It strikes me now as a mean-spirited exercise in dim sarcasm, and, for long stretches, egregiously dull. Every character save Alex is a caricature worthy, at best, of Seventies sitcom. In his lengthiest addition to the book Kubrick films Alex's induction to prison in wearisomely complete detail, delighting in showing what a jumped-up, anally retentive berk the warden is; Porridge, in other words, without Ronnie Barker to humanise the poor wit. (The novel, far swifter, just jumps forward a couple of years.) It's almost a textbook example of how to milk a feeble joke until it's stone dead. But Kubrick's greatest crime against the art of acting is the performance he extorts from Patrick Magee, the great interpreter of Samuel Beckett, as Mr Alexander. I believe the technical term is "chewing the carpet".
Compare it point by point, scene by scene, tolchock by tolchock with Burgess's book, and it really does jollify, prettify and generally render titillating its ultra-violence - turning Alex's brutal rape of two 10- year-olds into a fast-motion sex romp, turning the ancient cat-lady Alex murders into a much younger, foul-mouthed health freak, and fastidiously or timidly cutting away from any hint of true horror. There's not a frame in the film to compare with the ghastliness of the original: "The writer veck and his zheena were not really there, bloody and torn and making noises."
The issue isn't the hoary one of fidelity to the letter, but of truth to the spirit of Burgess's work: Kubrick's reading amounts to a sustained dilution and vulgarisation. His decision to withdraw the film from British circulation in 1974 may well, as his biographers suggest, have been motivated by his fears of attacks on his family, but it is also the shrewdest thing he could have done for its maverick reputation. Kubrick's film may be a cinematic legend, oh my brothers, but it is also, frankly, a load of cal.
Crast: to steal, rob; robbery
At various times both Burgess and McDowell were furious with Kubrick for treating himself to what they regarded as a greedy solo credit for the screenplay. All Kubrick had really done, they recalled, was to bring a copy of the book on set, look at the scene in question - "Page 59. How shall we do it?" - spend hours discussing and rehearsing, shoot the result (often in a single take), then go home and type up the improvised dialogue. Burgess once snarled to one of his friends about the aptness of Kubrick's selection from Rossini for his sound-track: The Thieving Magpie.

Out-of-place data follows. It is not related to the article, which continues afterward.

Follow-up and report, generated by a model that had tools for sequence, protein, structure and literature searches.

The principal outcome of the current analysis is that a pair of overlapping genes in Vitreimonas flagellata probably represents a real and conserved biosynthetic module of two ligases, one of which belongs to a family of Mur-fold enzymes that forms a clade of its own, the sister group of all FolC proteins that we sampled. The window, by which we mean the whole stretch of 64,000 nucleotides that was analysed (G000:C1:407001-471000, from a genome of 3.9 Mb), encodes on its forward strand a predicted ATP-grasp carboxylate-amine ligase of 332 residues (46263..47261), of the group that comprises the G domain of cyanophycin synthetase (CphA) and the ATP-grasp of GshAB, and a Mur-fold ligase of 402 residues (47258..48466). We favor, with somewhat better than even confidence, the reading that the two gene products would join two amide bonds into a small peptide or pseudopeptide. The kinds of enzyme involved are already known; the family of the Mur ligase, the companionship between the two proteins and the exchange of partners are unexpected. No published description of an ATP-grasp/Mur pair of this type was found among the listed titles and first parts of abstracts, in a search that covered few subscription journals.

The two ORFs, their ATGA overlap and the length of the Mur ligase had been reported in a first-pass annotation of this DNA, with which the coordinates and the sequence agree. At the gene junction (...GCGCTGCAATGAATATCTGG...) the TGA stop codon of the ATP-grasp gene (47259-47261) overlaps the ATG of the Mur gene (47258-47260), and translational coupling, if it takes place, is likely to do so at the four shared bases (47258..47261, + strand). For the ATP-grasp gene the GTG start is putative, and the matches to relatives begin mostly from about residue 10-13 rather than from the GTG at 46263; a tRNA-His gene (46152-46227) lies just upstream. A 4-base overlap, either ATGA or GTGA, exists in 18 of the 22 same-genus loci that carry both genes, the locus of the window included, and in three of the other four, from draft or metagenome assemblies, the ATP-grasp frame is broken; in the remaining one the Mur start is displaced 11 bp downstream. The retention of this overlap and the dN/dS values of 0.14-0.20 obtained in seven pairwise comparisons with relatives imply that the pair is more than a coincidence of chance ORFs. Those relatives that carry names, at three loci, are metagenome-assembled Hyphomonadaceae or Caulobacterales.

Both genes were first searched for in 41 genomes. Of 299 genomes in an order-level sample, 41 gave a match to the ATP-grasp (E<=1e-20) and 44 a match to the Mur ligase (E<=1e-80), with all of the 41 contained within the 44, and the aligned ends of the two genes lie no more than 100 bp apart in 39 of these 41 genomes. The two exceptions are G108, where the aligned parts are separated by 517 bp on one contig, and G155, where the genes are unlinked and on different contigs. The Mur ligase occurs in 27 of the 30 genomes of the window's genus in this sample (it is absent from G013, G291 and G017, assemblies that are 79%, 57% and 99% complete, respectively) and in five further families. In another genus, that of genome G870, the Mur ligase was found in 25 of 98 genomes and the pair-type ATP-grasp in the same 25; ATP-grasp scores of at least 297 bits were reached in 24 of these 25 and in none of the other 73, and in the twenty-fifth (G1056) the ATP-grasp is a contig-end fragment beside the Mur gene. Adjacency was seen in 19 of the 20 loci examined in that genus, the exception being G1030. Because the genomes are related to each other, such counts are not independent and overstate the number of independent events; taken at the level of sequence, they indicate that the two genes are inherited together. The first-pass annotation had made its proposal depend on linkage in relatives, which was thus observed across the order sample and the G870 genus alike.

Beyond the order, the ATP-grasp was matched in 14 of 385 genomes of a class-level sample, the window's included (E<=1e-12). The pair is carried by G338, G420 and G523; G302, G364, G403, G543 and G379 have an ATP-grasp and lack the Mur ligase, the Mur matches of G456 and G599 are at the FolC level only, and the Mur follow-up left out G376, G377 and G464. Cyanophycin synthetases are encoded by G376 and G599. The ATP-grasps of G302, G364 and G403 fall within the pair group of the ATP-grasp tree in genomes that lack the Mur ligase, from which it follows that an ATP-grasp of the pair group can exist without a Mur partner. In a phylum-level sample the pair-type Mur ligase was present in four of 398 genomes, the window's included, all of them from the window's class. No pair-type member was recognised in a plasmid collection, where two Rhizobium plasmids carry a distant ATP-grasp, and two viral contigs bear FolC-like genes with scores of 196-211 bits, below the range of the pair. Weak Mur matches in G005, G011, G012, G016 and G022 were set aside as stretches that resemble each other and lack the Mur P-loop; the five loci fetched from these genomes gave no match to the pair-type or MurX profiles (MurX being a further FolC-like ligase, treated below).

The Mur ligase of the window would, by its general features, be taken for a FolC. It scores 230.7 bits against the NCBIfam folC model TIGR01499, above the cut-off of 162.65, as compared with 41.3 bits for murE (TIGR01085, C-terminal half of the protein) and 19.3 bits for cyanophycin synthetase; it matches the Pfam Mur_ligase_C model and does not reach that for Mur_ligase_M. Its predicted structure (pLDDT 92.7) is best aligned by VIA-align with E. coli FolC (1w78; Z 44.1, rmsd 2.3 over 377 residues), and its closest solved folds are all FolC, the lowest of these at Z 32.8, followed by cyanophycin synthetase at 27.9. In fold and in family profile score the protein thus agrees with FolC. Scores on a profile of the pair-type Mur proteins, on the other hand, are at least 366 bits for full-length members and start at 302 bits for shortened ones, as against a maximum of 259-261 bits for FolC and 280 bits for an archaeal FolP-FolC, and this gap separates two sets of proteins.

Sloosh: to listen
Apart from Alex's vicious crooning of "Singin' in the Rain", the only popular music in A Clockwork Orange is Erika Eigen's inane ditty, "I Want to Marry a Lighthouse Keeper". The auditory world of Nadsat trickles with the sweet orange-juice of Purcell and Beethoven and Rossini, rendered clockwork by the Moog synthesis of Walter Carlos.
Yet the film's effect on pop culture has been abiding. David Bowie was to use the Purcell For Queen Mary's Funeral music as a prelude to his concerts, and the word "droogie" can be caught in his song "Suffragette City." The Eighties band Heaven 17 lifted its name from the book. The highly literate Elvis Costello is rumoured to have been building up a collection of first editions. Damon Albarn and the other members of Blur dressed up as droogs for the video of "The Universal". One good argument for the re-release of the film following Kubrick's death is that it might put an end to all this malenky malarkey.
The dedication to Burgess's novel Napoleon Symphony is shared by the novelist's second wife Liana and one "Stanley J Kubrick", who is addressed as "maestro di color". When I first read this in the mid-Seventies I was quite ignorant of Italian and assumed it meant "master of colour". Years later, sweating my way through Dante in the original, I found that Burgess was alluding to a celebrated phrase from Inferno, IV i.131: "vidi il maestro di color che sanno" (I saw the Master of those who know). Dante was referring to Aristotle. Respectful; very respectful. And yet, as Burgess knew, the man at whom Dante is gazing is a long-term resident of hell. Dante was not the only writer who knew about settling grudges in literature.
With thanks to John Baxter, Sandy Lieberson and David Thompson.
A version of this article appeared in `Sight & Sound' magazineReuse content